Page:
Lime

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A small green citrus fruit providing juice or peels that are added to food dishes to provide a tart taste as an ingredient. The flavor of a lime is stronger and more tart than a lemon, but it can typically be substituted for a lemon.

Limes are prepared in different ways in order enhance the flavor of other foods or to enhance the presentation. As an example, lime zest is created from the green part of the skin or peel of the lime to add flavor when cooking and baking. Lime zest strips can be made by using a paring knife or vegetable peeler to slice off thin pieces of the green peel. When slicing off the pieces, care should be taken to not remove any of the bitter white pith. To grate the lime zest, rub the lime against a metal grater, making sure to turn the fruit so that only the green part of the peel is being removed and not the white pith. A citrus zester can also be used to remove the zest from the lime. The zester removes the zest in fine threads, which can be minced as an alternative to grating.

Limes are also used in a dried form to season a variety of food dishes. Common in Middle Eastern cooking, limes are dried whole so they can be added into foods with moist ingredients that allow the dried lime to reconstitute, so as it softens the flavors are released and absorbed by the food being prepared.

Some of the varieties of limes available include the the Persian (Tahitian)lime, the Bearss, the Key, Mexican and West Indian limes, the Palestine sweet lime, and the Kiffir lime, although the Kaffir is not considered to be a true lime. The larger limes most often available in food stores are the Persian limes, which is a variety that is also known as the Tahitian or the Bearss lime. The Bearss is the seedless variety of the three. The Key lime, which is similar or the same as the Mexican and West Indian lime is a very small variety of lime that is mainly used for making desserts and sweets, such as Key lime pies. The small varieties of lime have an intense flavor that provides a sharp lime taste when used as an ingredient. Palestine sweet limes are similar to the Tahitian or Mexican lime and are considered to be a cross between either lime species and a sweet lemon or citron. With a green to orangish-yellow coloring, this type of lime is juicy and often eaten as a snacking lime for the juice or pulp that has a sweeter and less tart taste than the Persian or Tahitian lime.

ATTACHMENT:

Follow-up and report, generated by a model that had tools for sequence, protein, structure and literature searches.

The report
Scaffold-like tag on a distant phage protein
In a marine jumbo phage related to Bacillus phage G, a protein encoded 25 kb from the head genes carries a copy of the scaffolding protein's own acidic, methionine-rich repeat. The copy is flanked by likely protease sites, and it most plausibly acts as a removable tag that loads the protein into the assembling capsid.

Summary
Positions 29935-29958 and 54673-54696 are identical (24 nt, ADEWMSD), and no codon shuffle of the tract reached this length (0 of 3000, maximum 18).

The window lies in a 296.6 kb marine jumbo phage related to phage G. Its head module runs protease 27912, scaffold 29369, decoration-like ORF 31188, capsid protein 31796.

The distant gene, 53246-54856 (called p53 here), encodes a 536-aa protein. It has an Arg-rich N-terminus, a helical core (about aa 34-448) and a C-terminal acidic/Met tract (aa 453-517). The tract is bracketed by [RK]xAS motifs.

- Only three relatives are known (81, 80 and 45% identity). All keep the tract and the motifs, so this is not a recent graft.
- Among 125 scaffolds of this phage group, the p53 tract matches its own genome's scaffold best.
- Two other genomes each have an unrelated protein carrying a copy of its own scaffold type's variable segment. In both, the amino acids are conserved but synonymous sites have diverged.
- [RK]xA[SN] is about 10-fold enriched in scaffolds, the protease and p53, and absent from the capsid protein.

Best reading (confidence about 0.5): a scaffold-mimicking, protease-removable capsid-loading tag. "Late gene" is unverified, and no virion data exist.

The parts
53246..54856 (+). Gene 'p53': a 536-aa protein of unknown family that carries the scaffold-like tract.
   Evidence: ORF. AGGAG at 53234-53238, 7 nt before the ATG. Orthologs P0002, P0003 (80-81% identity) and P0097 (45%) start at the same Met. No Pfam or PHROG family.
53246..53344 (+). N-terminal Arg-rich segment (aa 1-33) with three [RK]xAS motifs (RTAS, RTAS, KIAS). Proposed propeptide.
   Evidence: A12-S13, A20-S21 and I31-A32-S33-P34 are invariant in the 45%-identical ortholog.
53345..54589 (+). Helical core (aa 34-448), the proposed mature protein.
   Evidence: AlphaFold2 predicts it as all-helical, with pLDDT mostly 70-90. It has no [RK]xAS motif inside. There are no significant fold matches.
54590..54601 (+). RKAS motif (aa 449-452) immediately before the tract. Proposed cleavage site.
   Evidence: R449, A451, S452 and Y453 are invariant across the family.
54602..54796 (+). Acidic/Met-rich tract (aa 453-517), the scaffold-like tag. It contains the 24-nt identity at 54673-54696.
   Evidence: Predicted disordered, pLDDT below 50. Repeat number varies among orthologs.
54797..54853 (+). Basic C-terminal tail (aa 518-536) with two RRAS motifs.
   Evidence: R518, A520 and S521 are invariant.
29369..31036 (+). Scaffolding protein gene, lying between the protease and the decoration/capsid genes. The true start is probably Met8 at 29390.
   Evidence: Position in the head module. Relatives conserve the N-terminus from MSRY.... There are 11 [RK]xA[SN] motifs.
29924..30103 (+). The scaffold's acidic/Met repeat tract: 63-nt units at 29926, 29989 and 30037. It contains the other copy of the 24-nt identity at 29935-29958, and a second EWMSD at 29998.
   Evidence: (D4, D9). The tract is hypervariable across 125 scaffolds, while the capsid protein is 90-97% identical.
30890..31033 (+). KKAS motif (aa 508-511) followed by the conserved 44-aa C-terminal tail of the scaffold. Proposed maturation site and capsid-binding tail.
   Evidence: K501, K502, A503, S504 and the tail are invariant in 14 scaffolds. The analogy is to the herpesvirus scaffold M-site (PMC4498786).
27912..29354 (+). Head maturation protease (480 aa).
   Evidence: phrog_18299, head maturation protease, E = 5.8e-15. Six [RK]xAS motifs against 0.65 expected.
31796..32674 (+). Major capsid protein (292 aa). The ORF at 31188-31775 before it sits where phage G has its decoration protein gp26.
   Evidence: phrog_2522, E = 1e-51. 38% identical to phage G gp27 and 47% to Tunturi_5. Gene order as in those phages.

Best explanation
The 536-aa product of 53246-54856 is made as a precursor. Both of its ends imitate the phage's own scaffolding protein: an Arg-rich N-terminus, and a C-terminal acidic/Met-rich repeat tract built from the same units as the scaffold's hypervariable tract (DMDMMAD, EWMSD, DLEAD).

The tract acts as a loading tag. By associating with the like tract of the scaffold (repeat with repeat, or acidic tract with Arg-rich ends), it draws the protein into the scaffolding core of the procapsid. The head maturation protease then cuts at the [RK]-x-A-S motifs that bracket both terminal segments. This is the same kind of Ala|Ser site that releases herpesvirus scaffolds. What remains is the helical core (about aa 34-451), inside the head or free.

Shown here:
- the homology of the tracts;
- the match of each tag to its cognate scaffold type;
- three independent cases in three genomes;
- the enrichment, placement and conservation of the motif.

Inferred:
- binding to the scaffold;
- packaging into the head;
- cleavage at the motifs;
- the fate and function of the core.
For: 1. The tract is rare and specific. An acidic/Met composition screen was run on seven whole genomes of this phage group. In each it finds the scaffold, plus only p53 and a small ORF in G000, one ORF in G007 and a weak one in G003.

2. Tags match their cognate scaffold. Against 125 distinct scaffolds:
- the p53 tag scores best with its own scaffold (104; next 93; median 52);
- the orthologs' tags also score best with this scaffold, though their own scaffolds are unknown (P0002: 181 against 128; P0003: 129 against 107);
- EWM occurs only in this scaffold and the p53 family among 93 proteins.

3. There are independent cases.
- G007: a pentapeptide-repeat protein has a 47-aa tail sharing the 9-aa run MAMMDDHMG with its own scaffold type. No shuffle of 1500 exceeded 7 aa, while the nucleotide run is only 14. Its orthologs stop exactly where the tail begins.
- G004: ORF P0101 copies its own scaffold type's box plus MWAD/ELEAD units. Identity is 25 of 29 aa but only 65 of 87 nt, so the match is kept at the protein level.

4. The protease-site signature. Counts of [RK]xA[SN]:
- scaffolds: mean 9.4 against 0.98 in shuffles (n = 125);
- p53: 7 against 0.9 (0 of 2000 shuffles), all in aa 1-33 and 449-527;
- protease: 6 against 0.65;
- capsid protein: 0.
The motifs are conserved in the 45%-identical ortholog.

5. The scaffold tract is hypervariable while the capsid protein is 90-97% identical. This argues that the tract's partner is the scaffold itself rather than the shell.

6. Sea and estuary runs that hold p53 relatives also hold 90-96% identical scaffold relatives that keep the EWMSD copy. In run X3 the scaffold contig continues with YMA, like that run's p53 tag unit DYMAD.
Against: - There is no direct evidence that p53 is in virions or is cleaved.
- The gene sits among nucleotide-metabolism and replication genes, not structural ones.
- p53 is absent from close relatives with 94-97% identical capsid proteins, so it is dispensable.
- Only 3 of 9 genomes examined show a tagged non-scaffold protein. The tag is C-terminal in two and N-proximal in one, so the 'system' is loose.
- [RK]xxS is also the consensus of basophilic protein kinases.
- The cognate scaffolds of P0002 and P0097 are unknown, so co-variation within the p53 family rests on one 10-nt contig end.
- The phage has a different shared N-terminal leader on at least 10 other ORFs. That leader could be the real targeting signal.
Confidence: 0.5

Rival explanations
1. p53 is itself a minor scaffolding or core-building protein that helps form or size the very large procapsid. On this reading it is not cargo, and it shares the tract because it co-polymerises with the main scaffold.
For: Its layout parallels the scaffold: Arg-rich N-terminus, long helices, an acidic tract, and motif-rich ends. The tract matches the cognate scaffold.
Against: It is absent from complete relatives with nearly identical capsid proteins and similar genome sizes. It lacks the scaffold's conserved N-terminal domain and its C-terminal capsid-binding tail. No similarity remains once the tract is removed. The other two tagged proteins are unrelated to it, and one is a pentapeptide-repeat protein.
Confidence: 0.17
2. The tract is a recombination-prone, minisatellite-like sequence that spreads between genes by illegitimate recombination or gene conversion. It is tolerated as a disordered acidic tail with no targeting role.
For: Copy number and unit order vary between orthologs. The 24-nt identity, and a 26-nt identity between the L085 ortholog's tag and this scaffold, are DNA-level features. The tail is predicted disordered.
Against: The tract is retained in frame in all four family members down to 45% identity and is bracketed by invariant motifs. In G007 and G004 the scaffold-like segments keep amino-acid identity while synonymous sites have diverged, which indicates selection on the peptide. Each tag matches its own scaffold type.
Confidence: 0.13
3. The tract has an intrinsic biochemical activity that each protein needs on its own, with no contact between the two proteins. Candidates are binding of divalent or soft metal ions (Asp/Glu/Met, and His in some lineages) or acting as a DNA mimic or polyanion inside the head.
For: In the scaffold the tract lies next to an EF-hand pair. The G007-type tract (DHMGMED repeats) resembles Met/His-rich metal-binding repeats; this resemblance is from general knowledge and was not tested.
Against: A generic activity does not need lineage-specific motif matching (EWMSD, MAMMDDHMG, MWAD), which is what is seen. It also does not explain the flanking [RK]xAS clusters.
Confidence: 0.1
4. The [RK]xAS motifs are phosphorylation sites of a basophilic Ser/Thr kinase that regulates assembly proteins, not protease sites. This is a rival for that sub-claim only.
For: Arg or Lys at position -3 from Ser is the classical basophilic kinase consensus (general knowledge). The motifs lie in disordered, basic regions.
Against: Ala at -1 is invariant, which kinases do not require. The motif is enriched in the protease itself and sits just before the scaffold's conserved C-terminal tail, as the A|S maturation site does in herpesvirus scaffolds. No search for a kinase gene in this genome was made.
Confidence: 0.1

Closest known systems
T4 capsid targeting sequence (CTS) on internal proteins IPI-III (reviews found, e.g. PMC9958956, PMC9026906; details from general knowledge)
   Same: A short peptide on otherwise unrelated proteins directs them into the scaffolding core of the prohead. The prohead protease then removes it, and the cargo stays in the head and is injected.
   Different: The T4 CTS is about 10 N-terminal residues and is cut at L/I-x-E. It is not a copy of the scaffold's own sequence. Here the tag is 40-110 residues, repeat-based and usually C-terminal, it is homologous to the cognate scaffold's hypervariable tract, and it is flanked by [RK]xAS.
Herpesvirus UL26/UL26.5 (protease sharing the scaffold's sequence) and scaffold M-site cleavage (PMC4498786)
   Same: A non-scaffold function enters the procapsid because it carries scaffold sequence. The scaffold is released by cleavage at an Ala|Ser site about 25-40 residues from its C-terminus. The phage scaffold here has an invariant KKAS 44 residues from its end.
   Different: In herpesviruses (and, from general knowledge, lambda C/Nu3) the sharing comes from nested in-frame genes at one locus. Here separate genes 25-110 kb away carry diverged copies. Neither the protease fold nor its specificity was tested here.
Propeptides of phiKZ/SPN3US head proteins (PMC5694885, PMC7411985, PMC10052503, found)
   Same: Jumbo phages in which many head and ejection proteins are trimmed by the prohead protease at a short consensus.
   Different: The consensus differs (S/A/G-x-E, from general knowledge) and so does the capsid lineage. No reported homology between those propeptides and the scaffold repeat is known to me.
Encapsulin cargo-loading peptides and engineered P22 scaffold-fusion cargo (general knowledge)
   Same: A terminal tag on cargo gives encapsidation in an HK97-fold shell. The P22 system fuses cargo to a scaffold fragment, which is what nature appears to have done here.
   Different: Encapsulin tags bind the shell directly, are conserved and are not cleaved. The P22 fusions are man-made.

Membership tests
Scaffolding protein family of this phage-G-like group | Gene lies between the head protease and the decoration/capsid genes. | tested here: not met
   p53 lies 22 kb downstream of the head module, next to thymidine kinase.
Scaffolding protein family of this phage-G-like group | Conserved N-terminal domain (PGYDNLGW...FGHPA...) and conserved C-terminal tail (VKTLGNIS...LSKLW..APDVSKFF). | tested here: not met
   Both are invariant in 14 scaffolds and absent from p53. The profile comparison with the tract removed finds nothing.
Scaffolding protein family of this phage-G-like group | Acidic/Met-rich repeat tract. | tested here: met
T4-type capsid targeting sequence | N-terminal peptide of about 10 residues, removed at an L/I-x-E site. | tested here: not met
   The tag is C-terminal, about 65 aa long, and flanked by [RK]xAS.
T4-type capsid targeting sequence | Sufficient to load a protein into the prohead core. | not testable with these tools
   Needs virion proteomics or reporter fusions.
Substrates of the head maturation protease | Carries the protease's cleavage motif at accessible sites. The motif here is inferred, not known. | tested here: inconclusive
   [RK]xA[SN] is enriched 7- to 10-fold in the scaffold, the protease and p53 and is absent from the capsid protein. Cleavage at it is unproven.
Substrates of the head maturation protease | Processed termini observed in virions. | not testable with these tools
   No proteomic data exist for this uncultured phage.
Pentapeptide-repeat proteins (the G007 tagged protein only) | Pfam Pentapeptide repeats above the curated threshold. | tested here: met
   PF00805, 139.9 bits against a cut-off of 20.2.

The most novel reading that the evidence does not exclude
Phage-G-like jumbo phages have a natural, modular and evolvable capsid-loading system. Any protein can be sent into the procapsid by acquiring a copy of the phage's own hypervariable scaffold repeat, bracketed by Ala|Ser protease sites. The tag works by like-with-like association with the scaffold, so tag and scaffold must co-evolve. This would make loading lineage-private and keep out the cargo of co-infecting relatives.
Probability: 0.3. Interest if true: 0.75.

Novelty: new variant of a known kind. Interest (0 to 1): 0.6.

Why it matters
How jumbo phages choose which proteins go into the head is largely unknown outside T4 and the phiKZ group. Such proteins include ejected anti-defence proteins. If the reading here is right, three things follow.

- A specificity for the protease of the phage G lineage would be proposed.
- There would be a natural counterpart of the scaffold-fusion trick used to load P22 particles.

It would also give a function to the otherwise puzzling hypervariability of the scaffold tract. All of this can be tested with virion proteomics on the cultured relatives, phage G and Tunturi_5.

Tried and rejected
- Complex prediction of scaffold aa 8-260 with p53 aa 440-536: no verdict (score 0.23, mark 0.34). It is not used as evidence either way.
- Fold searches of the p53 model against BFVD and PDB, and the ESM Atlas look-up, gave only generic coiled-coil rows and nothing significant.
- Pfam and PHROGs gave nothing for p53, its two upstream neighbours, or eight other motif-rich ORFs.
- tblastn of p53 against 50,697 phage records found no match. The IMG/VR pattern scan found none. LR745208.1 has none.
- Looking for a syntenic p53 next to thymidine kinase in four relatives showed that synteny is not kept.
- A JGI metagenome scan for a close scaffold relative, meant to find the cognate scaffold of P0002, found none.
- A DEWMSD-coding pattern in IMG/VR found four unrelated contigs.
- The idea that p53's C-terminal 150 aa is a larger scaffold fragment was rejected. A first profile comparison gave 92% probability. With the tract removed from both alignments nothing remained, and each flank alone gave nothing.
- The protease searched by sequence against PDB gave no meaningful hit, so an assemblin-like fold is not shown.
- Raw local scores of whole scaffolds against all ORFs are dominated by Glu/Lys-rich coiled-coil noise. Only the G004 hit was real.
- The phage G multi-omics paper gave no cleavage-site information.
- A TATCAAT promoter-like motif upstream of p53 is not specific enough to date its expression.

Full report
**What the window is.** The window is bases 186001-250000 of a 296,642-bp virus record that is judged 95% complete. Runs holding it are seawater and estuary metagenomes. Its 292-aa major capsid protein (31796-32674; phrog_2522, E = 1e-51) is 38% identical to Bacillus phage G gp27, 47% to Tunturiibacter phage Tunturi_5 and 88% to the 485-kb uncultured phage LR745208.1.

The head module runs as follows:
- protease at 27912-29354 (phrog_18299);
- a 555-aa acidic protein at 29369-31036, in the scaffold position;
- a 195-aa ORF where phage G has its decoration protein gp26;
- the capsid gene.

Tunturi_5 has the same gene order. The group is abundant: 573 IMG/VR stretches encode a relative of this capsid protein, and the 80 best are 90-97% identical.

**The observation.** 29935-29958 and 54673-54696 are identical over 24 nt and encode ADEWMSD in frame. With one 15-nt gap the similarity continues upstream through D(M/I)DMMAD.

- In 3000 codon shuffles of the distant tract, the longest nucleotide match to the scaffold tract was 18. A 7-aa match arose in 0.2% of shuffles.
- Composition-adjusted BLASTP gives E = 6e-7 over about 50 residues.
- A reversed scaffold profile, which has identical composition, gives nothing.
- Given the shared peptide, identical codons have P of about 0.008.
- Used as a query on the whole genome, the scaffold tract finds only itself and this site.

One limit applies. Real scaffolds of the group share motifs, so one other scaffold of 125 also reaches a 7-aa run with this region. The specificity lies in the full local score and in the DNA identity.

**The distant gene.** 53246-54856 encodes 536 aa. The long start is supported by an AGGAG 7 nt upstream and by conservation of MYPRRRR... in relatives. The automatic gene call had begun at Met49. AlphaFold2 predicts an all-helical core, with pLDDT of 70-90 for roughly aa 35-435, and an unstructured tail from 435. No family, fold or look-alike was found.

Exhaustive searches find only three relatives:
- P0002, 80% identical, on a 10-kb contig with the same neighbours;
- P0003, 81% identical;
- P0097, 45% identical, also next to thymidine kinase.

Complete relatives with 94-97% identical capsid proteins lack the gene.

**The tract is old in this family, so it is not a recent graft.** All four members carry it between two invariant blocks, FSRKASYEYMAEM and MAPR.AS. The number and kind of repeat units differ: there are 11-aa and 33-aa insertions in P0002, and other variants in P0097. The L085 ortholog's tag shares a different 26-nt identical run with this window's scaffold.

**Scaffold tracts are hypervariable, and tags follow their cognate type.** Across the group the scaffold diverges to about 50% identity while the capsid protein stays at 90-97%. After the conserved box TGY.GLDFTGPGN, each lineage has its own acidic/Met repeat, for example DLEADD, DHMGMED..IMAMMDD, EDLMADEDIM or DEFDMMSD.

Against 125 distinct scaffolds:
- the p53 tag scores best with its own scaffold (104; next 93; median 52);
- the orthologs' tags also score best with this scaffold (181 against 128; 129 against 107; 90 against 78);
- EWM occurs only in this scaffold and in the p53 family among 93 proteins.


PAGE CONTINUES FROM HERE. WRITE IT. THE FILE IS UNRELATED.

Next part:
The Kaffir lime, also known as the Kieffer, Thai or wild lime, is not considered to be a direct member of the lime species. Instead it is catagorized as one of the subspecies of citrus fruits that are linked to the lime family. This variety of lime has a very bumpy outer skin and is smaller in size. The peels from this type of lime as well as the leaves from the Kaffir lime tree are commonly used as seasonings in Asian recipes for fish, meat, poultry, vegetables, marinades, and chutneys. Since the flesh of the Kaffir is not edible, it is the grated peel or leaves most commonly used for foods. The leaves are typically torn or chopped into bits to be added to curry dishes, soups, fish stews, and poultry dishes to enhance the flavor with a citrus taste. When selecting limes, choose those that are firm and somewhat heavy feeling. Check for brown or yellow blemishes to the skin. Since limes perish quickly, keep them refrigerated for up to a week.

USDA Nutrition Facts

Serving Size1 fruit (2" dia)
Calories30
Protein0g
Total Fat0g
Total Carbohydrates10g
Dietary Fiber2g
Sugars1g
Potassium102mg
Sodium2mg
Cholesterol0mg
Serving Size1 cup
Calories25
Protein0g
Total Fat7g
Total Carbohydrates8g
Dietary Fiber0g
Sugars1g
Potassium117mg
Sodium2mg
Cholesterol0mg
Serving Size1 cup
Calories21
Protein0g
Total Fat0g
Total Carbohydrates6g
Dietary Fiber0g
Sugars1g
Potassium75mg
Sodium16mg
Cholesterol0mg

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